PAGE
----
Editorial: Climate change and agriculture

Published in The Hindu on June 30, 2009

The rise in global temperature owing to climate change will affect agriculture in strikingly different ways in the lower and higher latitudes. While in temperate latitudes a rise in temperature will help developed countries increase food productivity, it will have adverse effects in India and other countries in the tropics. The summer monsoon, which accounts for nearly 75 per cent of India’s rainfall, is critical for agriculture. Climate change is likely to intensify the variability of summer monsoon dynamics, leading to a rise in extreme events such as increased precipitation and heightened flood risks in some parts of the country and reduced rainfall and prolonged drought in other areas. A World Bank report on climate change impact based on case studies in India has focussed on drought-prone regions of Andhra Pradesh and Maharashtra, and flood-prone districts in Orissa on the edge of climate tolerance limits. It highlights the possibility of the yields of major dry land crops declining in Andhra Pradesh. Sugarcane farmers of Maharashtra may see yields go down by as much as 30 per cent. Rice production in Orissa will face a similar fate with yields in the flood-prone coastal regions dropping by12 per cent.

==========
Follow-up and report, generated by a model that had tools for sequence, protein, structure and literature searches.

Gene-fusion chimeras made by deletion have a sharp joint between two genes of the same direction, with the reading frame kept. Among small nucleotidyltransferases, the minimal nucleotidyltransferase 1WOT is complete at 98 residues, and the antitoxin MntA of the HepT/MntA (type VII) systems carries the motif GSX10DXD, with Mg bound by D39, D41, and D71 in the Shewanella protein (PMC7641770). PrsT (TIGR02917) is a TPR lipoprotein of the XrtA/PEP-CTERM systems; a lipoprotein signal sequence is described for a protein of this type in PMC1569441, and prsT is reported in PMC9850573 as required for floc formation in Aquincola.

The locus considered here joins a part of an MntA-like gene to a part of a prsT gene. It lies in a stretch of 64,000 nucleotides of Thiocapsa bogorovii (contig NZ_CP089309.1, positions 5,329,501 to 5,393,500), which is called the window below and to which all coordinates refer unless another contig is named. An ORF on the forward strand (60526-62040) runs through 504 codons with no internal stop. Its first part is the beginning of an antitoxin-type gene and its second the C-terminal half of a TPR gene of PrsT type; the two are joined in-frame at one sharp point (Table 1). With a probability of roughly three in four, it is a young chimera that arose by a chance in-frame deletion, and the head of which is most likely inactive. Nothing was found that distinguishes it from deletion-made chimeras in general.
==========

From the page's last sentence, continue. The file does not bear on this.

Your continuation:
Poor and marginal farmers who own less than one acre of land mostly populate these regions. There is an urgent need to evolve comprehensive climate resilience strategies that must factor in risk assessment, better water management, developing varieties that can do well in stressful conditions, and bringing about certain changes in agricultural practices. Many organisations are already working to develop drought-resistant and saline-resistant crop varieties for the arid regions, and rainfall-tolerant and short-duration varieties for flood-prone regions. But greater and sustained government support for agricultural research will be vital. At the same time, the government must persuade farmers to take better advantage of the dry rabi season in the flood-prone regions, and also help them supplement their income through non-farm activities such as aquaculture. It may take many years for the devastating effects of climate change on agriculture to be felt fully but the time for bold government and public action is now.